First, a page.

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Tuesday, 25 February 2014
Page: 782

Mr DUTTON (DicksonMinister for Health and Minister for Sport) (15:25): We need to first understand why the opposition has brought forward this MPI today. It is very important to understand that it has nothing at all to do with preventive health. This is all about a distraction mechanism away from the issue of the day, which is the protection racket that Bill Shorten has been running to protect Craig Thomson and those officials within the HSU that sought to divert money away from people who work hard in public hospitals across the health system to put money into the pockets of these crooks.

Ms Macklin: Mr Deputy Speaker, I rise on a point of order. I draw the minister's attention to the matter of public importance, which is about preventive health.

The DEPUTY SPEAKER ( Hon. BC Scott ): I note the point of order. The minister is aware of the matter before the chamber. I call the minister.

Mr DUTTON: It is important to realise that the motivation behind this MPI is not about preventive health. It is not about some allegation that the Labor Party has trotted out to try to impugn the reputation of Minister Nash, who I think is doing an outstanding job in her portfolio. There is no allegation against Senator Nash which goes to inappropriate behaviour. The opposition has put forward nothing other than to say that a website was pulled down off the internet. No further allegation has been made against Senator Nash and yet this matter has continued on for a week. Why? Because the opposition want to distract attention away from the issues relating to Craig Thomson. There is no more motivation than that, and that is a shameful reflection on the shadow health minister and on those opposite. Let me tell members opposite: this government is determined to improve the health system. We are absolutely determined to clean up the mess that we inherited from the Labor Party, and there is a mess—not just in the area of preventive health but right across the portfolio and right across government.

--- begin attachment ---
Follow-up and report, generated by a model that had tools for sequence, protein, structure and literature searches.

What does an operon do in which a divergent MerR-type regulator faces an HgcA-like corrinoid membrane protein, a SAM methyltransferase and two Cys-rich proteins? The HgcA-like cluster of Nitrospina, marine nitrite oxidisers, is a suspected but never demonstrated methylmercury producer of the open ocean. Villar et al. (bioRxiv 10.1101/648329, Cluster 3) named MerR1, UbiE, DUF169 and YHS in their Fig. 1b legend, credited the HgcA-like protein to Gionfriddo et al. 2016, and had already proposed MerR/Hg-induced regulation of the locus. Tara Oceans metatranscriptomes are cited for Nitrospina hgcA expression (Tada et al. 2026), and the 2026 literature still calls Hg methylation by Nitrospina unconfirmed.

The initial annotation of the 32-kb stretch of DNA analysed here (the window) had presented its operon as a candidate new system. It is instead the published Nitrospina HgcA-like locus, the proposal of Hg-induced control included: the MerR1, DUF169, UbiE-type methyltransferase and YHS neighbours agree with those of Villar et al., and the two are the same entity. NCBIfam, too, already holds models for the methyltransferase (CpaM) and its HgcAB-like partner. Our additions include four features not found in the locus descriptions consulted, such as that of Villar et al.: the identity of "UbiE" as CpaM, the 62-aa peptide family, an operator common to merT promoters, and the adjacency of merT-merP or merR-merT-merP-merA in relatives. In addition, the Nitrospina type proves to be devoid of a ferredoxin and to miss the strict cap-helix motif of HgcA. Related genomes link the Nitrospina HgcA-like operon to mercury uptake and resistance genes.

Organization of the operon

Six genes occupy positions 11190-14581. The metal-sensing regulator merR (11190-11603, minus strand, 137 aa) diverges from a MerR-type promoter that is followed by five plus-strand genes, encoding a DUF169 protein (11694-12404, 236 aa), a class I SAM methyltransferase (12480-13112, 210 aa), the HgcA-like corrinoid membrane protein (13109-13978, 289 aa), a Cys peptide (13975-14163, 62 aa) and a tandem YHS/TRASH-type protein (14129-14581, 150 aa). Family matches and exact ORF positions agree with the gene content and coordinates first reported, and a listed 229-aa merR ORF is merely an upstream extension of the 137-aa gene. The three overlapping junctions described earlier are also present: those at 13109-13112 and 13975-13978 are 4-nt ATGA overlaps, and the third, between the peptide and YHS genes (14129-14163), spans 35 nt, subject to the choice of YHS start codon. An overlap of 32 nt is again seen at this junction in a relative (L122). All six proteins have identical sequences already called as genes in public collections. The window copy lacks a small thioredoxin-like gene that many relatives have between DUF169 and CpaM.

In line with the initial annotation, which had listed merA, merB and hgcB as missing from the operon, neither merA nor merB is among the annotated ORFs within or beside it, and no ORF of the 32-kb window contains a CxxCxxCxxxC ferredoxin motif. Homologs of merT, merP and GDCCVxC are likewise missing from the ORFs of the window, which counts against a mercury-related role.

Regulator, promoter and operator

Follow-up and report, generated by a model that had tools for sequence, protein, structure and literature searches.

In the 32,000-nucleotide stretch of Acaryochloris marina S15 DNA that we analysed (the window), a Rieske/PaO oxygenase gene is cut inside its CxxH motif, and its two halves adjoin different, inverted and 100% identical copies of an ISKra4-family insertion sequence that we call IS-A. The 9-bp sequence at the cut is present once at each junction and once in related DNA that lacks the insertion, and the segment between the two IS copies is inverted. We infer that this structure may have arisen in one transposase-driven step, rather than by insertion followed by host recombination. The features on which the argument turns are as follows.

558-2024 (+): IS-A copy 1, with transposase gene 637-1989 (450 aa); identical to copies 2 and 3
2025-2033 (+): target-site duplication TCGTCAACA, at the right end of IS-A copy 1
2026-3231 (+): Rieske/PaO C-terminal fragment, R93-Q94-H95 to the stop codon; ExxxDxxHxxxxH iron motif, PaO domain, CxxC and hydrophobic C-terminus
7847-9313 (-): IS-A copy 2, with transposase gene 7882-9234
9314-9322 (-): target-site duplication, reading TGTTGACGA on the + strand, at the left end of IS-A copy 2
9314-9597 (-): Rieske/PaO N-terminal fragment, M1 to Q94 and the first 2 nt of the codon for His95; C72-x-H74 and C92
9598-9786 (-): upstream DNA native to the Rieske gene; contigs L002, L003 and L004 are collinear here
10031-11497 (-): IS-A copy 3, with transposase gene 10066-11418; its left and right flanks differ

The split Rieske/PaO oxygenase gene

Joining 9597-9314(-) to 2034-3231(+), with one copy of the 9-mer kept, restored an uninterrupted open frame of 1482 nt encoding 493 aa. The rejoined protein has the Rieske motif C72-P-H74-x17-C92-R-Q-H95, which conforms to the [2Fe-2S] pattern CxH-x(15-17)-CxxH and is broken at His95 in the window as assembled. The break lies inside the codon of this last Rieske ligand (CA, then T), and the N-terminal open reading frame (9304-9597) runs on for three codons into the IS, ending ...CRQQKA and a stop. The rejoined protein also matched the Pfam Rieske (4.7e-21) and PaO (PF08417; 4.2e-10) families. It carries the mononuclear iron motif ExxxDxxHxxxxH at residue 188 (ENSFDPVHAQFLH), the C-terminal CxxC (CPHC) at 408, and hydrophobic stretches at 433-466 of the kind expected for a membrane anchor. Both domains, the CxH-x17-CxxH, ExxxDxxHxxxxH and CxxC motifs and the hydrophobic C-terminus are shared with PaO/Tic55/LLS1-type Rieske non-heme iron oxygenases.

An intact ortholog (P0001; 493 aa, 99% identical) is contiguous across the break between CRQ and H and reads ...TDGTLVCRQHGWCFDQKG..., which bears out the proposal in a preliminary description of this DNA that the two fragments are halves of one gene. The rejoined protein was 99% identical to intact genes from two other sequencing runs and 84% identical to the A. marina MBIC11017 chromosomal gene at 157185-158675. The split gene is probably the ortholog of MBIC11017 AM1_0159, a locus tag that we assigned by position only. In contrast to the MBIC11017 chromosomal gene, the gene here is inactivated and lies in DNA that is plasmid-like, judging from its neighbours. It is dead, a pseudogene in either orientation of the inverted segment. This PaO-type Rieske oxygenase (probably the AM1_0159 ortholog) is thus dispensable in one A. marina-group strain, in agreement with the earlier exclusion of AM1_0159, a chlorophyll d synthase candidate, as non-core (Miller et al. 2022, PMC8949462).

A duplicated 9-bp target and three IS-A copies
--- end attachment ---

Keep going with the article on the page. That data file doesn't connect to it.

Let me tell you some of the priorities that the Labor Party had in this particular area when they were in government. They contributed $463,000 to a study. It was a study on a fat tax. I said at the time that if the coalition were elected to government we would not under any circumstances implement a fat tax. I asked the then health minister, Minister Plibersek, to say whether or not the Labor Party would introduce a fat tax if re-elected. If it was her desire to have the matter properly examined for consideration after the election, then she should have been up-front about it and provided that assurance so that there was some guarantee that this study was going to some purpose. The former minister was not able to provide that guarantee. She was not able to provide the guarantee; so, regardless of the election outcome, this tax was never going to proceed. But did that stop the former government from saving this $463 million? No, it did not. They went ahead because they have absolute disregard for taxpayers' money. That is the reason we find ourselves with $123 billion of cumulative deficits. It is why we face a deficit, which will continue to rise, and an overall debt position of $667 billion. Yet we come into this place and hear from those opposite that we should be spending money here, there and everywhere else. I say to those members opposite: the waste under Labor did not stop there.

There was a fake smokescreen music festival. They decided to spend $236,000, not on patients in hospitals that wanted elective surgery, not on pensioners that needed to get to the emergency department or to see a specialist more quickly but on a fake music festival designed to use fake musical festival posters and a Facebook page to deliver their message. In true Labor fashion, they trumpeted this as a great success. There were 244 'likes' across the country on Facebook. My maths is not too bad, but I will give you round figures of $1,000 a like. If Julia Gillard or Kevin Rudd could have paid $1,000 for a friend, they would have taken that option in the leadership ballot before the election campaign. But they did not.

What else did Labor spend money on? They are so pious, as they come in here to talk to us about the preventative health space. They spent almost $50,000 on the Summernats burnouts. Somehow that was going to provide an improvement to our health system. But not having learnt their lesson for wasting $50,000, they spent $80,000 in 2014—$130,000 on burning rubber over two years. But when you compare that to the $650 million that they wasted in the so-called superclinics program then, I suppose, it is not a bad investment by Labor's standards.